The five-piece band, formed in 2015, has released four albums and toured across the country, with some interruptions caused by the pandemic.

They might be at their best live, playing grouped around a single microphone, with guitarist Patrick Mulroy handling the lead vocals, and they like to tackle unconventional material, such as a driving version of Bob Dylan’s “Tangled Up in Blue,” recorded live in the Berkshires a few years ago and at the Podunk Bluegrass Festival in Goshen, Connecticut.

The group’s newest album, “Something Sour, Something Sweet,” released earlier this year, finds Grain Thief exploring their roots with old-time fiddle tunes and jams. Yet on their 2018 album, “Stardust Lodge,” they experimented with a broader sound, including drums on some tracks, whereas for their 2020 album, “Gasoline,” members stuck largely to their instruments — guitar, fiddle, bass, mandolin, resonator guitar — around one mic.

The reviews have been good.  “‘Gasoline’ is a definitive statement of arrival and purpose for a band that is just beginning to flex their impressive musical muscles,” wrote Americana UK a few years ago.

“It is a statement that can be heard from the tops of the mountains all the way down to the hollers below and echoing through cities across the country,” the review added. “It is a modern take on a well-worn style that proves there is still much to be discovered in bluegrass and string-band music.”

King Margo, an alt-country/Americana duo based in Tennessee, opens The Parlor Room show.

More music on tap

There’s a lot to choose from on New Year’s Eve, beginning with performances at First Night Northampton. There are too many to list here, but some acts worth checking out are The Suitcase Junket, Peter Blanchette,Tracy Grammer & Jim Henry, Klezamir, and Khalif Neville.

Max Creek, which rings in 2023 at Race Street Live in Holyoke beginning at 8 p.m., originally formed in 1971 as a folk trio — and more than 50 years later, a different version of the group, still with one original member and a couple of others who joined in the mid-1970s, soldiers on as a veteran jam band that blends elements of rock, country, reggae, soul and jazz.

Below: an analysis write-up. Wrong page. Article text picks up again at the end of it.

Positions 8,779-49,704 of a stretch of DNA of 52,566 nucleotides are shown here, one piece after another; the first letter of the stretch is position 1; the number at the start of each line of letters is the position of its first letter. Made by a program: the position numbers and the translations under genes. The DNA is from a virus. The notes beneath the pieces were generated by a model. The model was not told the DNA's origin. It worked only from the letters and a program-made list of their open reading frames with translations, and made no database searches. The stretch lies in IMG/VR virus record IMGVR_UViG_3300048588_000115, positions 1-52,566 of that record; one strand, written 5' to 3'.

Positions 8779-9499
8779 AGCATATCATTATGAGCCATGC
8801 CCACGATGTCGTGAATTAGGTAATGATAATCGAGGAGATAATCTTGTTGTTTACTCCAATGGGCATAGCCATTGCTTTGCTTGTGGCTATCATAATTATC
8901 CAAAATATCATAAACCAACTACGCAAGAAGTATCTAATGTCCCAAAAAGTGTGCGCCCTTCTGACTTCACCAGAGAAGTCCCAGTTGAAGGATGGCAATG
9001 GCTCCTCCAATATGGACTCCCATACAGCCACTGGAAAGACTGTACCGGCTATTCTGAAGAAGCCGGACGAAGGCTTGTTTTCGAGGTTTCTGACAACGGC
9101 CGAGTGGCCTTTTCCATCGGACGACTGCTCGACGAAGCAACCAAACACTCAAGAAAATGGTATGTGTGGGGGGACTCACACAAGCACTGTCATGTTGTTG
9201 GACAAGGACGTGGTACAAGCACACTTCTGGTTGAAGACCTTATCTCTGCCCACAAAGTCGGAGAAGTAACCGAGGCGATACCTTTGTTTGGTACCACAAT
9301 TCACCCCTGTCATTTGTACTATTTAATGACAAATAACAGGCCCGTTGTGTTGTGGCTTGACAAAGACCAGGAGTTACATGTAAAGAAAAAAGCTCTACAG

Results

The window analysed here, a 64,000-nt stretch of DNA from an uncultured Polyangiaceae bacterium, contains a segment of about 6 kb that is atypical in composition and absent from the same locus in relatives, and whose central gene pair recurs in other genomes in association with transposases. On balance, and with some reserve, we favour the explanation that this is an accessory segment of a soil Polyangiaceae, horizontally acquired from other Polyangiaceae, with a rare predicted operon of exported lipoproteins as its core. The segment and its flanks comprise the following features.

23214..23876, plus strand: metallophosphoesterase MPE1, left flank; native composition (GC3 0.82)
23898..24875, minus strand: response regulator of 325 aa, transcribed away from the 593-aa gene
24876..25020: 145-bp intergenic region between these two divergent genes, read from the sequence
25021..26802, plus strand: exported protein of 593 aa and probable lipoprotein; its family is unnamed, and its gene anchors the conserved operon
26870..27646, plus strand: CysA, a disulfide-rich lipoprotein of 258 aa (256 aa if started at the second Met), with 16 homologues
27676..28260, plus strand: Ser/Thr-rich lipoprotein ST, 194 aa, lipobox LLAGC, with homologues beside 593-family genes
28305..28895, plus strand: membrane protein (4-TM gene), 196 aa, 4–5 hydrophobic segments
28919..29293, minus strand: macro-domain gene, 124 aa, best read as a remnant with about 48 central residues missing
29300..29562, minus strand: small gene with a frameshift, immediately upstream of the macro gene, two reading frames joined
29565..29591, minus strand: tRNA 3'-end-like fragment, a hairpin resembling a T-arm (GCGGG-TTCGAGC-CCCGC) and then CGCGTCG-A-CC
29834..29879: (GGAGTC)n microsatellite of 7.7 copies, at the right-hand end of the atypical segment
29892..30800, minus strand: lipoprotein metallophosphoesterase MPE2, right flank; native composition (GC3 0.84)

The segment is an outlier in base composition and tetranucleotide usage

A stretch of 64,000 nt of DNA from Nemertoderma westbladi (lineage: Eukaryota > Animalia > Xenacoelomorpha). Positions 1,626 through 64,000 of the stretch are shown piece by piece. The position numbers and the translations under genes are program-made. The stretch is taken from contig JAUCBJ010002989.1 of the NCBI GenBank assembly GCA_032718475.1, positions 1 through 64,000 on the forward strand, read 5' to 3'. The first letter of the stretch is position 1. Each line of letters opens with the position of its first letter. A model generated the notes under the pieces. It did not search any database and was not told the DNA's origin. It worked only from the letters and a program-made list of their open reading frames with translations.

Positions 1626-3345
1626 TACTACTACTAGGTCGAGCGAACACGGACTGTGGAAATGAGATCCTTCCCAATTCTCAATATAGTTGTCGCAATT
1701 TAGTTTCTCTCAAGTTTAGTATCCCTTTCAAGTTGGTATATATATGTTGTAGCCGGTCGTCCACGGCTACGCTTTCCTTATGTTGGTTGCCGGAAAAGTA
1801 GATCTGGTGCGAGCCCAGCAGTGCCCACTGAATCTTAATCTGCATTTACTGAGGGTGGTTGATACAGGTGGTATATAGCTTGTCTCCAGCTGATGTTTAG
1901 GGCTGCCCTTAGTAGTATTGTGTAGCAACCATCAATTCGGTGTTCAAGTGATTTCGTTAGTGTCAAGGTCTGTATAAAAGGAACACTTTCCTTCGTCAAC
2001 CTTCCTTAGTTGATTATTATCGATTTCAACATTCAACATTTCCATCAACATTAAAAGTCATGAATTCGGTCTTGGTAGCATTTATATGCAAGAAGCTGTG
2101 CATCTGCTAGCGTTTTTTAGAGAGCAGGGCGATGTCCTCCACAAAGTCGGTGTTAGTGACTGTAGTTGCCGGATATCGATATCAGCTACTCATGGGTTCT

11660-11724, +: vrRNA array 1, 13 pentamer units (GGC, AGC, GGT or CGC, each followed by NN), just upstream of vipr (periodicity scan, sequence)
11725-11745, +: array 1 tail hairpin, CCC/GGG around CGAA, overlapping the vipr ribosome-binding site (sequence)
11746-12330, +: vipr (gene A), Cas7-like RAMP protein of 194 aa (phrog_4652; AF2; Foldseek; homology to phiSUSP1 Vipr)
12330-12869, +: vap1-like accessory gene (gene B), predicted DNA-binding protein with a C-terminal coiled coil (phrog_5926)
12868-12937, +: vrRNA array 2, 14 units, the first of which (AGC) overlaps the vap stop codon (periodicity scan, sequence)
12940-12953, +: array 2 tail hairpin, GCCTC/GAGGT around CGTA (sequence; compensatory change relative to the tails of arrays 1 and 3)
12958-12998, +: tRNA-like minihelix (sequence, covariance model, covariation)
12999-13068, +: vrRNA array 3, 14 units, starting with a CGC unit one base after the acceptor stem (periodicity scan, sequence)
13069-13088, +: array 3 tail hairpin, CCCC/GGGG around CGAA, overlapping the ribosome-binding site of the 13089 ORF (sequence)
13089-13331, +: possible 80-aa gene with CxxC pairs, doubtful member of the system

If you want some loud sounds to close the curtain on 2022, consider a trip to Hawks & Reed Performing Arts Center in Greenfield tonight, beginning at 9 p.m., for what’s billed as “Hardcore for the Holidays” with shows by Bag Lady, Always Manic and Power Trousers. And on New Year’s Eve, the vibe continues, starting at 7:30 p.m., with rockers Jimmy Just Quit, AfterGlo and the B-52.0’s.

In Easthampton, the Marigold Theater features the FAT Holiday Show on Dec. 30 at 7:30 p.m., a concert that brings together members of the seminal Valley rock band from the 1970s and some special guests. Just down the street, you can visit Luthier’s Co-op on New Year’s Eve for three acts beginning at 7 p.m., including folksinger Helen Hummel and the acoustic duo Two Day Jeans.

The evening, though, will be closed out by roots rockers The Colony Motel, who just released a new album in October, “Anywhere, Montana,” that’s built around the songs of guitarist and lead vocalist Brian Brown.

Not happening on New Year’s Eve: Miles Okazaki's Trickster, the ensemble of Miles Okazaki (guitar), Matt Mitchell (piano), Anthony Tidd (bass), and Sean Rickman (drums) plays Jan. 6 at 7:30 p.m. at the Community Music School of Springfield as part of the Pioneer Valley Jazz Shares series.